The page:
Panya is a creation from the ‘golden’ era of “B.P.R.D.,” when Mike Mignola and John Arcudi were populating that title with characters that touched on various traditions, areas of the world, myths, and legends. The world of the Bureau seemed huge and unending, and Panya was part of that tapestry. With “Panya: The Mummy’s Curse,” Mignola, co-writer Chris Roberson and artist Christopher Mitten attempt to give readers more context for the character by seeing their origin in ancient Egypt. But is the context necessary?
Written by Mike Mignola and Chris Roberson
Illustrated by Christopher Mitten
Colored by Michelle Madsen
Lettered by Clem Robins
Thousands of years before Hellboy, the B.P.R.D., and Ragna Rok, there was Panya. As a girl in ancient Egypt, she witnessed the fall of a dynasty and was gifted–or cursed–with visions of the beginning, the end, and the coming of the dragon…
Mike Mignola and Chris Roberson join creative forces with artist Christopher Mitten and colorist Michelle Madsen to bring Panya’s story to life.
It is understandable that both sides of the creative process – the maker and the enjoyer – like to flesh out stories beyond their original intention. This process has brought some great works into the world – think the ancillary works of Tolkien or the extended Dune mythos – but they can also sometimes feel unnecessary and sap the wonder and awe from a work.
With just one issue out, it looks like “Panya: The Mummy’s Curse” falls into the latter category. This first issue very much feels like an attempt to make sense of a character whose mystery is a key piece of their appeal and enjoyment. Roberson’s story appears to be a standard origin tale, telling the story of how Panya went from Egyptian child to living mummy. While there have certainly been questions about Panya’s past, the information has always been doled out in small doses, with enough obfuscation to not remove the mystery and mystique behind the character.
And so, to see Panya as a child, playing with a cat and learning from her parents, it feels too direct, too perfunctory. This is the biggest knock against the Mignolaverse books after Arcudi’s exit: the books are happy to tell you everything you need to know, without regard for telling the story interestingly. Some of the latter titles feel like illustrated Wikipedia articles, or episodes that would be begrudgingly churned out to fill a television series’ 22 episode season order.
Christopher Mitten does his best to find interesting visuals from this script, but aside from a few sequences, this is an issue that is built on conversations held in a relatively static setting. The times when Mitten is able to let loose a little bit are excellent. There are two specific sequences early in the issue that shine, and both involve taking the story out of the ‘typical day in the life of an Egyptian child’ milieu.
The first is a very short sequence of Olabisi, Panya’s new cat, killing a poisonous snake. The way the scene is staged, the snake truly surprises the reader as it does the characters on the page, and Mitten is able to make Olabisi a surprising savior by having it leap from out of nowhere and make the save. Once it has done this remarkable action, the cat features a truly sublime, tranquil appearance while holding this deadly creature lifeless in its mouth. Mitten perfectly captures the moment which, to the outsider was miraculous, but to a cat is just what it does.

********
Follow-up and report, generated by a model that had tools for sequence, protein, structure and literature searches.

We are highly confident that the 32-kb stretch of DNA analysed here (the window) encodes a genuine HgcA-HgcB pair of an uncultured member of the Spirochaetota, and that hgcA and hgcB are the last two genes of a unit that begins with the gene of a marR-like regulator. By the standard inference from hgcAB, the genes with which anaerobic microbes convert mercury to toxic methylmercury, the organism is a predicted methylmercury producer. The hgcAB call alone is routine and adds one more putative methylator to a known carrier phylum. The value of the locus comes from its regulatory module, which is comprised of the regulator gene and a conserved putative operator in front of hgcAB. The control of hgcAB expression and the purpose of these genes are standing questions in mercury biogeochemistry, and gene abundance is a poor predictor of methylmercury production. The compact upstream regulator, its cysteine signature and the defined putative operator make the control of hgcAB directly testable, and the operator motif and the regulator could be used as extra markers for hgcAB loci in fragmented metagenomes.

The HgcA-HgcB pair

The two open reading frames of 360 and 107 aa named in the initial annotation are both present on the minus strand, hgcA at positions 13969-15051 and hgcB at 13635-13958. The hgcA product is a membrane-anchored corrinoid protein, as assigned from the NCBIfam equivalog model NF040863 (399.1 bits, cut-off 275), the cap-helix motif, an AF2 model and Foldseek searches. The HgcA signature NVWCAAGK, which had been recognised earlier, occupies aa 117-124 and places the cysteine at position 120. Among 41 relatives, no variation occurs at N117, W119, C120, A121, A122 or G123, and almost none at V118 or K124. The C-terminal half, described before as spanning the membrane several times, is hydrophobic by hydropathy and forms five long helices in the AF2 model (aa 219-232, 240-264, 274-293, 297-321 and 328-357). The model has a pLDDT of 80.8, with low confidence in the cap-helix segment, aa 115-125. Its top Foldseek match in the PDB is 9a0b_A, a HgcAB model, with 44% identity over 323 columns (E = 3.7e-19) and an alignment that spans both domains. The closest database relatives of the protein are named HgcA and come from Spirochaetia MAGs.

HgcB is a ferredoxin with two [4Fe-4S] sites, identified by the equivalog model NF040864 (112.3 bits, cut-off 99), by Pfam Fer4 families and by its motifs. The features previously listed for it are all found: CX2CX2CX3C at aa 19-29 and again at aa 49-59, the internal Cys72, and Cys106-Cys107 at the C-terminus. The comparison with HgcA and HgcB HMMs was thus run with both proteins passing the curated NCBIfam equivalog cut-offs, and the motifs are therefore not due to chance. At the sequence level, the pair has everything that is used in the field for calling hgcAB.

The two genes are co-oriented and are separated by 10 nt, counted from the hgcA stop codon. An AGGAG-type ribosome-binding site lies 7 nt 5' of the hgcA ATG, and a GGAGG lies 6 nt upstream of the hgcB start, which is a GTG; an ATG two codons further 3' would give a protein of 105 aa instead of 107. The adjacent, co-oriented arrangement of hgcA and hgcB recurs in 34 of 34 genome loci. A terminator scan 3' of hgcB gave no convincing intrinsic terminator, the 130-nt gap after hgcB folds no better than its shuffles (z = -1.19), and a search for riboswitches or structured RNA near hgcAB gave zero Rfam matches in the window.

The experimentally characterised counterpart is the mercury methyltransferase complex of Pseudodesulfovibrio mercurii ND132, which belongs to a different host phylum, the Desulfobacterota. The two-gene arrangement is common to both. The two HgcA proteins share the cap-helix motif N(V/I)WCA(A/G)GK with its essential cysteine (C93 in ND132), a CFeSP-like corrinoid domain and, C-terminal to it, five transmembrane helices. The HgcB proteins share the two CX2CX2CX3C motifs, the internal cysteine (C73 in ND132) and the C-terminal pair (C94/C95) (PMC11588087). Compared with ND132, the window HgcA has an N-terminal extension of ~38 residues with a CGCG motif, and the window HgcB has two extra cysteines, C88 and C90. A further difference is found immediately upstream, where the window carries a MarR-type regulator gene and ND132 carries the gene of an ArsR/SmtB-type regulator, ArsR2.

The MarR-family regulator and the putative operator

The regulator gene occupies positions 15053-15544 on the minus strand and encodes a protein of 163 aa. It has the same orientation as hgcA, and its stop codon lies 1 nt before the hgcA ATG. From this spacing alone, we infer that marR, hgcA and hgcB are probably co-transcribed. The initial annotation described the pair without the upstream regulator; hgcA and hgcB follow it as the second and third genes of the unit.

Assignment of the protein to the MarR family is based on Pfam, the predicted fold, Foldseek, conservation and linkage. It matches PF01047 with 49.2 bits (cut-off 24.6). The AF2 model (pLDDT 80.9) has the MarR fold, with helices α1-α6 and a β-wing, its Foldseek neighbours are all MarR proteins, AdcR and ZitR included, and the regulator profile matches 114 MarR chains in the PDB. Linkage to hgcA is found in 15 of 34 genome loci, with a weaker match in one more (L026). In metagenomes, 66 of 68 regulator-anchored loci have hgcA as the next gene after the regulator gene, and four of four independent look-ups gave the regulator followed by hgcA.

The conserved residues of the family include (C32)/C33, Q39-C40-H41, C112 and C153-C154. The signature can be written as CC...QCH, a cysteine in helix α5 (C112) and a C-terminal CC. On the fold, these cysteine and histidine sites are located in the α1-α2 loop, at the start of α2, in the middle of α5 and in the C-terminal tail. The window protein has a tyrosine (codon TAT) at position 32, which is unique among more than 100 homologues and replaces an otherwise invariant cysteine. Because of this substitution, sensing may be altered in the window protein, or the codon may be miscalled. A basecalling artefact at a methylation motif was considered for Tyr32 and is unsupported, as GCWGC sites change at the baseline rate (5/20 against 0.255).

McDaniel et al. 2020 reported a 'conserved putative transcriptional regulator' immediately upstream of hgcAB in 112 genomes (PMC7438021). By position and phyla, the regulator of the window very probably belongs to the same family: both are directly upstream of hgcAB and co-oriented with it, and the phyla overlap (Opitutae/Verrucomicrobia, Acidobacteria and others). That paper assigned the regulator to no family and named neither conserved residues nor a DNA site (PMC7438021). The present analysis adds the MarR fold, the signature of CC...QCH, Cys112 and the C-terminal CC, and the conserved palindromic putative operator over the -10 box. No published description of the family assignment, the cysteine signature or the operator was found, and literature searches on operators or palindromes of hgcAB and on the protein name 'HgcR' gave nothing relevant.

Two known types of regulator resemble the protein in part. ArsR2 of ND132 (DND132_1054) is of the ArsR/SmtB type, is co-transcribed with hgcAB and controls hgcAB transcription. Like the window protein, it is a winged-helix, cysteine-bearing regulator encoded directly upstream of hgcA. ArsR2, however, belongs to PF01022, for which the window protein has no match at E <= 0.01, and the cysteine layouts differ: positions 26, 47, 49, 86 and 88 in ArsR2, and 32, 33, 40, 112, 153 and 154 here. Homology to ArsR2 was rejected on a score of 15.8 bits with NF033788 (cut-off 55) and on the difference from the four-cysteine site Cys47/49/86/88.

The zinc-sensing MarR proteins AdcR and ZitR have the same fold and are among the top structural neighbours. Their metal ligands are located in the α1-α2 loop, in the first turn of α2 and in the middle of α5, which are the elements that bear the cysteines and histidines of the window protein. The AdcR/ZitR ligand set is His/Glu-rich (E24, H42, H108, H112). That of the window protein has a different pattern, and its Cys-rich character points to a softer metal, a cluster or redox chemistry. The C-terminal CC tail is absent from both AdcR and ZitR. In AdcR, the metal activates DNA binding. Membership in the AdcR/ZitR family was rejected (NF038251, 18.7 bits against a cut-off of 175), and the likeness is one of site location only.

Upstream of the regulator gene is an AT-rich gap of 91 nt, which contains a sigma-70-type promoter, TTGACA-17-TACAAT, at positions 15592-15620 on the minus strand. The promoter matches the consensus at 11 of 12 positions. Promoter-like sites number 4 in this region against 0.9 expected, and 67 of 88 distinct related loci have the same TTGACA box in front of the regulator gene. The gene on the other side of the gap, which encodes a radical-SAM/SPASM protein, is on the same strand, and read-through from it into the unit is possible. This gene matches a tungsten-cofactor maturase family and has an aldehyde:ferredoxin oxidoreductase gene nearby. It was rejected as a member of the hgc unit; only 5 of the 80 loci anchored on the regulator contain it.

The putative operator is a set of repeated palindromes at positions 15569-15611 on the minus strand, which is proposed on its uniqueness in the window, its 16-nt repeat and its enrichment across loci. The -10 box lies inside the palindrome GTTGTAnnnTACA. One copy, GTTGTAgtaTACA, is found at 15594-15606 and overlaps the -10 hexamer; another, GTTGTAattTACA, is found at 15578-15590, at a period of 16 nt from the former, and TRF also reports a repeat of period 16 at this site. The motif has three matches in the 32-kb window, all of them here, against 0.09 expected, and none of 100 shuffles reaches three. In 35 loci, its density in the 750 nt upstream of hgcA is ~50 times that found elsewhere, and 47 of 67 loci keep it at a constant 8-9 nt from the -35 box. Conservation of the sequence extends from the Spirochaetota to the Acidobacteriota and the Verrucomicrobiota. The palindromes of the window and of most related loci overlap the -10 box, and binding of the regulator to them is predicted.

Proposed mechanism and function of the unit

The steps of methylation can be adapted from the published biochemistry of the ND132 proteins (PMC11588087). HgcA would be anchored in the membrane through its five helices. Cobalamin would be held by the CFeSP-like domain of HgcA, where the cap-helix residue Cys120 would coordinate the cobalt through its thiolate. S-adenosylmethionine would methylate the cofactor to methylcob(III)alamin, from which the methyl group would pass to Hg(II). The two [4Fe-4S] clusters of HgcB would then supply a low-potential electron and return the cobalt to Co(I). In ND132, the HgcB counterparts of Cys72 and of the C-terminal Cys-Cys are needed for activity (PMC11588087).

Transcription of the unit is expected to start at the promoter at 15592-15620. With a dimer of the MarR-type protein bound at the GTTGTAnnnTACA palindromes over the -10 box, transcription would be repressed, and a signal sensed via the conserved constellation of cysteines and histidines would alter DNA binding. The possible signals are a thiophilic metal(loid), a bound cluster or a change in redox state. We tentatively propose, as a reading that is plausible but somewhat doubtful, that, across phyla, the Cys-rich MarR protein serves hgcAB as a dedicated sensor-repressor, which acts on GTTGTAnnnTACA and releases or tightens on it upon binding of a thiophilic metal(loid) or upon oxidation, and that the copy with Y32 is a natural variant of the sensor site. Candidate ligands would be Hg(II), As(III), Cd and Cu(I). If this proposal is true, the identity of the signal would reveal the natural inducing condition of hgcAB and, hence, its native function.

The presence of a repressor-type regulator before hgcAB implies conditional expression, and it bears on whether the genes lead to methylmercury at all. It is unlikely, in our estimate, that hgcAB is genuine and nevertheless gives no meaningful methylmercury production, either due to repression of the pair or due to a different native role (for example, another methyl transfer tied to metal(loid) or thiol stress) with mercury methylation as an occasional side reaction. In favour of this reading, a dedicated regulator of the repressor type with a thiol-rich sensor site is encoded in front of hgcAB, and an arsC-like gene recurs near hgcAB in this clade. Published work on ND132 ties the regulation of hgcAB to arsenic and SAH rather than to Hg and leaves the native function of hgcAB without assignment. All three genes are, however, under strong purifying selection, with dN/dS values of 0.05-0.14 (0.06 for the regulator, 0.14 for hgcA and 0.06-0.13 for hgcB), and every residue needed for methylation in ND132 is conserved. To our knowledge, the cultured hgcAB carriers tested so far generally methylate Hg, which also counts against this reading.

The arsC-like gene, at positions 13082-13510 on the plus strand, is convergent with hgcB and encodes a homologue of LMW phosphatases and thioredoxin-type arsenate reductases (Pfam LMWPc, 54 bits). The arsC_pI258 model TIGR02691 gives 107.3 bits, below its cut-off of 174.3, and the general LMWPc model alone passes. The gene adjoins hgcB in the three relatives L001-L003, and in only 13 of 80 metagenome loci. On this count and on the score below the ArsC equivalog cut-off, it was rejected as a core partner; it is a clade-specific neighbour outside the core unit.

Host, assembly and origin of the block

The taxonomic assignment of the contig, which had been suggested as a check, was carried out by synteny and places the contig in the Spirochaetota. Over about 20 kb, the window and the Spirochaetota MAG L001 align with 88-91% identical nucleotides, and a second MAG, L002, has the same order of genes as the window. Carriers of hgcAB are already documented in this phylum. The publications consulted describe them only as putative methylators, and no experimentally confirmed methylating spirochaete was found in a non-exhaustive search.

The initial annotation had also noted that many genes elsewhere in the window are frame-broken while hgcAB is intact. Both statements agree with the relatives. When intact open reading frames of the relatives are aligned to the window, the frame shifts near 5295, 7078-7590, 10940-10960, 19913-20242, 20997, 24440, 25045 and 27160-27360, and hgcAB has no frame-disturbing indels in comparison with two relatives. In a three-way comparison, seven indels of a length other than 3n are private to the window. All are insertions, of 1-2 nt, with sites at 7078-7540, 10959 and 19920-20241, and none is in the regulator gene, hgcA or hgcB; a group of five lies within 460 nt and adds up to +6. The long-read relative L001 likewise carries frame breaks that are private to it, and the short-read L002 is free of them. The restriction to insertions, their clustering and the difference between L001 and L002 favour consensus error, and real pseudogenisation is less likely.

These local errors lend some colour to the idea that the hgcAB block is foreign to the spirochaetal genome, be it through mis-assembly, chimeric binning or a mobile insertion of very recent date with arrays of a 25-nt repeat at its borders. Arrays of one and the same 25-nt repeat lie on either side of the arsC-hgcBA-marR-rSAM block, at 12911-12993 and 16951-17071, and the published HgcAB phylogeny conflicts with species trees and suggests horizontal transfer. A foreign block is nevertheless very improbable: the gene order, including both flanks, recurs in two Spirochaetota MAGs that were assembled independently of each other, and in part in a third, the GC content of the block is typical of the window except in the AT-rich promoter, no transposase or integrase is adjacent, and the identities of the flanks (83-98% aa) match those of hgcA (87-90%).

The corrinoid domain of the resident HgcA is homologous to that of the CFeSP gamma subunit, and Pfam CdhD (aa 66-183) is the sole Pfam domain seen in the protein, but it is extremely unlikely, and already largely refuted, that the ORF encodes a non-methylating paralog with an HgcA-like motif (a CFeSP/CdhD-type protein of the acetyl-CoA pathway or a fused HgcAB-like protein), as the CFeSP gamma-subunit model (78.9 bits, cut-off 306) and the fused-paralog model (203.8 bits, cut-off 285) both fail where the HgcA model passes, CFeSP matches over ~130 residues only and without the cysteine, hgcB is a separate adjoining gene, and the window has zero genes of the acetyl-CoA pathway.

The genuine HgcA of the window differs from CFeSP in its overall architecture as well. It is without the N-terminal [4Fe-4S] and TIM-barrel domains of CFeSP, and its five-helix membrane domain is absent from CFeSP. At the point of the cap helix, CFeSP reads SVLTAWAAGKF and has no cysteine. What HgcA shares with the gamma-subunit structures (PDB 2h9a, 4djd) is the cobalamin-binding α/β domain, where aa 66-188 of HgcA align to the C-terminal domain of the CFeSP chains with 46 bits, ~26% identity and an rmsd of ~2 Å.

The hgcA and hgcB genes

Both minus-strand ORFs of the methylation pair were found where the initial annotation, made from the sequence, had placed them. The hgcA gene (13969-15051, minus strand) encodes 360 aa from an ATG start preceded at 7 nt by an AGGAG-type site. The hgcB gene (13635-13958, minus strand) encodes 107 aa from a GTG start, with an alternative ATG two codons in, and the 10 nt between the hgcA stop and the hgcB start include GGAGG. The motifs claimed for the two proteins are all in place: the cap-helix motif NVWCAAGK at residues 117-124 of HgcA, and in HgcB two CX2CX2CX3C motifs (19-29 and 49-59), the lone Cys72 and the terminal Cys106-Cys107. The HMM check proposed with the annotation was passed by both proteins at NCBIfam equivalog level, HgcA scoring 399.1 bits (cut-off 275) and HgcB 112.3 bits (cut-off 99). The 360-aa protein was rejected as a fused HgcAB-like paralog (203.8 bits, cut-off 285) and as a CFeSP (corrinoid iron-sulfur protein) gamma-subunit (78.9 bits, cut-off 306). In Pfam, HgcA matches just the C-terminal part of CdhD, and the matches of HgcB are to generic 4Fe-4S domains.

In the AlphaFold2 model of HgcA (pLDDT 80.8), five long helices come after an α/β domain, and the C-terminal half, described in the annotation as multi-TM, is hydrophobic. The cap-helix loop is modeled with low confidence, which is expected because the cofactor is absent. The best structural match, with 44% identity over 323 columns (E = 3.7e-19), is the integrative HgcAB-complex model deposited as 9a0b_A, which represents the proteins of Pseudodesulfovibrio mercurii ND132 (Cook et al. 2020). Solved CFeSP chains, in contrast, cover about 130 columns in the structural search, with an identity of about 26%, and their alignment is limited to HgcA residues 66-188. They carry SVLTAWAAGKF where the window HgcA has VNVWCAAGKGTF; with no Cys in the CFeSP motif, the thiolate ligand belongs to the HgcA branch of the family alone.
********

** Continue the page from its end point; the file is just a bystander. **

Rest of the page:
The second is a very short dream sequence that shows Panya a vision of stars, of a sun god, and of the undead dragging her below ground. The whole sequence is one page, constructed of just five panels, and each panel provides a glimpse into the dream that we eventually learn is not just a dream, but rather a vision. The way that Mitten is able to give the first four panels their own distinct purpose, with only the fifth building off the image before it, helps place the images in the context of a dream, where things rapidly change without notice and where seemingly unrelated moments sometimes coalesce into a creation outside of logic.Continued below
The end of the issue allows Mitten to do a little more, both with some action transpiring, as well as a truly great page that, again, blurs the line between reality and prophetic imagery. The end of the book also gives Michelle Madsen a chance to show off a truly stunning, in almost the literal sense, color palette. For most of the issue Madsen must play in the earth tones and tans that often populate desert stories, but once the ritual begins, Madsen harnesses a dramatic and intense series of yellows and whites that must evoke the sun. On the aforementioned prophetic page, Madsen ramps down the intensity but adds a number of colors barely seen before – namely a pale blue and vibrant red – that let the reader know that they’re viewing something outside of the ordinary.
But those elements, satisfying though they may be, are not enough to make up for the relatively dull plot. There’s a fear after reading this issue that this series will somewhat neuter Panya’s character by answering questions that were better left hanging. While, like almost every book Mike Mignola has ever put his name on, there are some interesting ideas and great visuals here, this feels slight and inconsequential. It appears that there is little appetite to tell new stories in the ‘present’ of the B.P.R.D. world, and so there are a lot more of these types of books, which attempt to bolster the story by overstuffing it. This is the latest sign that, perhaps, it’s time to stop and let it be, at least for a little while.
Final Verdict: 5.1 – An unnecessary historical artifact that doesn’t do the lead character, nor the overall story, any favors.